– The 1999 Western States Book Award for Creative Non-Fiction
– The 1999 Clements Prize for the Best Non-Fiction Book on Southwestern America
– The 2000 Norris and Carol Hundley Award from the Pacific Coast Branch of the American Historical Association
In low places consequences collect, and in all North America you cannot get much lower than the Imperial Valley of southern California, where one town, 186 feet below sea level, calls itself the Lowest Down City in the Western Hemisphere, and where the waters of the Colorado River sustain a billion-dollar agricultural industry. The consequences of that industry drain from the valley into the accidentally man-made Salton Sea, California’s largest lake and a vital stopping place for migratory waterfowl. Today the Salton Sea is in desperate environmental trouble.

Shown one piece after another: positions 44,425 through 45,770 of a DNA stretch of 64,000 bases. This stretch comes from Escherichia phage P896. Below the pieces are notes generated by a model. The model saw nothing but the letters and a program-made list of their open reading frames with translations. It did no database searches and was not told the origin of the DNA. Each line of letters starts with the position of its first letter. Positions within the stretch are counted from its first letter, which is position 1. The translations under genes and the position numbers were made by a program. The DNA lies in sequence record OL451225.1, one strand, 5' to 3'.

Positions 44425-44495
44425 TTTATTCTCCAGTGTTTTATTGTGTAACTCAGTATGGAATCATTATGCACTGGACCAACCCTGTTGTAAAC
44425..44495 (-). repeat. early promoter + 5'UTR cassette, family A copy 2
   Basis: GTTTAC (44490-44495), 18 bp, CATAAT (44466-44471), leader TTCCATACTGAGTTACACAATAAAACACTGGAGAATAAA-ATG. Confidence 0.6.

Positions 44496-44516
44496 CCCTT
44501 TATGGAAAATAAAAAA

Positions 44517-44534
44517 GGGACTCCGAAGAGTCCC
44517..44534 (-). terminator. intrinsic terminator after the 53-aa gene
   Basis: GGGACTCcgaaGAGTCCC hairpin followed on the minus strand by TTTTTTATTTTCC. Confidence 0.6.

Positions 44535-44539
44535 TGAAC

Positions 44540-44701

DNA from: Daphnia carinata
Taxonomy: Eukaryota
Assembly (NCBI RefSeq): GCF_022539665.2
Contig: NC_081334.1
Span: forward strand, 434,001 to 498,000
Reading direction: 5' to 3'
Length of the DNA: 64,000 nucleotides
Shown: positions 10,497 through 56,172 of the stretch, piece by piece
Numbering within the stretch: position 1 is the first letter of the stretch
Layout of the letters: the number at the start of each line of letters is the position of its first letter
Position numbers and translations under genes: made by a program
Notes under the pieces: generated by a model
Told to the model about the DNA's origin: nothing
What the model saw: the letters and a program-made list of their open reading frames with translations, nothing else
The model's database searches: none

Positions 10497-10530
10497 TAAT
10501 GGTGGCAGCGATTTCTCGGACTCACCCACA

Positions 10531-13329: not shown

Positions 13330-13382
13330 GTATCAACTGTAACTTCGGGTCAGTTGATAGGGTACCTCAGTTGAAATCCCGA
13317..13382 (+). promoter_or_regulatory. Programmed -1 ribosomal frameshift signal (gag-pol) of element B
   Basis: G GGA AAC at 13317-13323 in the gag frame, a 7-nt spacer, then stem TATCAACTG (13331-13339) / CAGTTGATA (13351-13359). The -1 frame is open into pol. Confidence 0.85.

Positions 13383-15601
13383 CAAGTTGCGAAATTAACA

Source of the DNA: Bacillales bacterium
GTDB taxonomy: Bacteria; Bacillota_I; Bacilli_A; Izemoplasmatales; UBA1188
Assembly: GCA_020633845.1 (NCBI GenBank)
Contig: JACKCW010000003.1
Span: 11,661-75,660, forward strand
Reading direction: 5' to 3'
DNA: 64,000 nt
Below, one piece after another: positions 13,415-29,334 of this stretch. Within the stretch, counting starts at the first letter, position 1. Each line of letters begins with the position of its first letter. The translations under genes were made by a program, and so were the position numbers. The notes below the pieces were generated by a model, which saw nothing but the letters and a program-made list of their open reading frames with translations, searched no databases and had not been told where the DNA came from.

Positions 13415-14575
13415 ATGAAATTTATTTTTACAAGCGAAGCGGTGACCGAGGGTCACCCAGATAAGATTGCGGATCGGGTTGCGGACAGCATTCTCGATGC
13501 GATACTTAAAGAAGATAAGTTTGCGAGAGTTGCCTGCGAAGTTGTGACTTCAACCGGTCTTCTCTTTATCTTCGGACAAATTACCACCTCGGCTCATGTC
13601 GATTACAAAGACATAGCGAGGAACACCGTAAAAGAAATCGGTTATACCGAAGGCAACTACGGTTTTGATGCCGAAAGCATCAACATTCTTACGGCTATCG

Historian and author deBuys (Enchantment and Exploitation; River of Traps) offers an absorbing record of the ideas and people that tamed the Colorado River and transformed southeastern California from a desert into one of the continent's great agricultural regions. Expertly interweaving extensive historical research, interviews and personal observation, deBuys creates a biography of sorts of California's Imperial Valley, one that begins with the valley's first inhabitants, the Yuman-speaking natives, and extends to the present. Recognizing that an "infinity of human lives and relations" make up "the main cargo of history," deBuys wisely opts to make people the focus of his narrative, introducing readers to a gallery of rogues, dreamers and unsung heroes. Well-chosen quotations and document excerpts bring to life figures such as Penn Phillips, "Mr. Big" of California in the '50s, who deBuys contends made millions by selling worthless land along the polluted Salton Sink; William Smythe, who, half a century earlier, brought evangelical zeal to the cause of "reclaiming" the Colorado Desert for agriculture; and Godfrey Sykes, a 19th-century drifter, "delta rat" and "sympathetic witness to troubles and transformation." DeBuys describes the devastating flood of 1905-06, which was caused partially by inept tinkering with the Colorado River and which led to the creation of the Salton Sea, the deepest point on the continent. Years of agricultural runoff and pollution have left the sea highly contaminated, and deBuys devotes the last section of his book to a concise examination of its ecology and current condition, and to possible solutions for saving it. Through his study of the Imperial Valley, deBuys offers a notable exploration of how the American dream has played out in one representative locale. 3 maps, 30 halftones; 100 duotone photos by Joan Myers not seen by PW.